- Managed Roth IRAs support passive investing
- No management fees for balances of under $25,000
- Self-directed Roth IRAs support 0% commission stock and ETF trading
- Non-Fidelity mutual funds are somewhat expensive
- Account onboarding can be slow
- Cryptocurrency trading is only available for Bitcoin and Ethereum
SoFi – Automated Roth IRAs based on risk tolerance
Another option that I like when it comes to passive Roth IRA accounts is SoFi. This user-friendly broker offers automated Roth IRAs that are tailored to your financial goals and appetite for risk. Each portfolio will be custom-built with a suitable combination of stocks and bonds for any level of retirement savers.
Moreover, SoFi wil rebalance and reweight the portfolio on your behalf, so there is no requirement to watch over the markets. The minimum deposit when investing in an automated account is just $1.
Those who prefer making investment decisions on a DIY basis are also catered for at SoFi. The online broker supports US-listed stocks and ETFs on a commission-free basis, alongside fractional investing of just $5.
What I like about SoFi
I also like that SoFi offers access to new US stock IPOs (initial public offerings) with no minimum requirement in place.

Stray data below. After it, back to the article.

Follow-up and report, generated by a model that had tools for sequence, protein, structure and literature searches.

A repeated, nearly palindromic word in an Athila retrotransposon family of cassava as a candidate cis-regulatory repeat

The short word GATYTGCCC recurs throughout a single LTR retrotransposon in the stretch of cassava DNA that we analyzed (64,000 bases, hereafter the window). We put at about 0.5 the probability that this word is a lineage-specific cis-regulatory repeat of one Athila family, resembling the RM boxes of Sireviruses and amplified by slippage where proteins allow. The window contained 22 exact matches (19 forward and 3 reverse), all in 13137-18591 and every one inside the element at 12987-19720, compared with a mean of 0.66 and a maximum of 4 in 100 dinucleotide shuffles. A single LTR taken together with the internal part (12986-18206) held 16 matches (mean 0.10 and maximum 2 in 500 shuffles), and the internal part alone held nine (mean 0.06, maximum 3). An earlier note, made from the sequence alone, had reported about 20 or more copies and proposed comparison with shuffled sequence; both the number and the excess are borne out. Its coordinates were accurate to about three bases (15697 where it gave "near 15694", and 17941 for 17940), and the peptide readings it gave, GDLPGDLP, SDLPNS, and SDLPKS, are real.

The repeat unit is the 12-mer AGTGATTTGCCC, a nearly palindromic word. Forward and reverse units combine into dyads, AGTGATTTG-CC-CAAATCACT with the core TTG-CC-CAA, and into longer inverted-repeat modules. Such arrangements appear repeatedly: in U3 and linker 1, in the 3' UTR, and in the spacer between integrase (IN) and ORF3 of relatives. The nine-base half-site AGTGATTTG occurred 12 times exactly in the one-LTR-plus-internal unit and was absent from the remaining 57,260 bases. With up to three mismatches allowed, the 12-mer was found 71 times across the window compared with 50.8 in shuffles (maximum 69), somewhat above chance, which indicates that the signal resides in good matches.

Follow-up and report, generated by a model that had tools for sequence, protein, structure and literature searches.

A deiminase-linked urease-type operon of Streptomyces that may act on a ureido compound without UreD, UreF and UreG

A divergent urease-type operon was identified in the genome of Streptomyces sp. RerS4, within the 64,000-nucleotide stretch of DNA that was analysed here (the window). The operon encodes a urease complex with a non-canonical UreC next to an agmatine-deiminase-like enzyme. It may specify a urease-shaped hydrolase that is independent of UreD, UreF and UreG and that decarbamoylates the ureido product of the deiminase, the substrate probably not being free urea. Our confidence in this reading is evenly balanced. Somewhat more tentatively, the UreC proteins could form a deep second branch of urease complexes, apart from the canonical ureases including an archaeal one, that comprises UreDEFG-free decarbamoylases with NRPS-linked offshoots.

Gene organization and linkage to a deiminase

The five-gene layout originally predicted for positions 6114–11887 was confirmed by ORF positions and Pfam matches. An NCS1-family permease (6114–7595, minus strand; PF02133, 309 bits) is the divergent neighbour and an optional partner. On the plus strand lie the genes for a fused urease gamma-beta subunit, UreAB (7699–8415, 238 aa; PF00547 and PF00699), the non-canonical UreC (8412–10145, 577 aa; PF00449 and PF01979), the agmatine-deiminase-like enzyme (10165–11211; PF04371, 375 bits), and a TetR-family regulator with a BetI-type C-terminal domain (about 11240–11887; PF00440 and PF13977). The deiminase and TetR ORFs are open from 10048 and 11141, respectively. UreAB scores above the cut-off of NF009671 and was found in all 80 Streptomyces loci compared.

More than 26 cryptocurrencies are supported too and the minimum trade size amounts to $10. Do note, however, that cryptocurrency trading at SoFi attracts a 1.25% spread on both buy and sell positions.
Another benefit of choosing SoFi is that it offers a mobile app for iOS and Android that is tailored to beginners. Searching for assets on the SoFi app is seamless, as is the case when checking the real-time value of your Roth IRA portfolio.
In addition to investment products and Roth IRAs, SoFi also offers traditional financial services, such as loans, mortgages, and insurance.
- User-friendly investment app for beginners
- Choose from a self-directed or automated Roth IRA
- Open a Roth IRA with just $1
- The simplicity of SoFi will not appeal to seasoned investors
- High cryptocurrency markups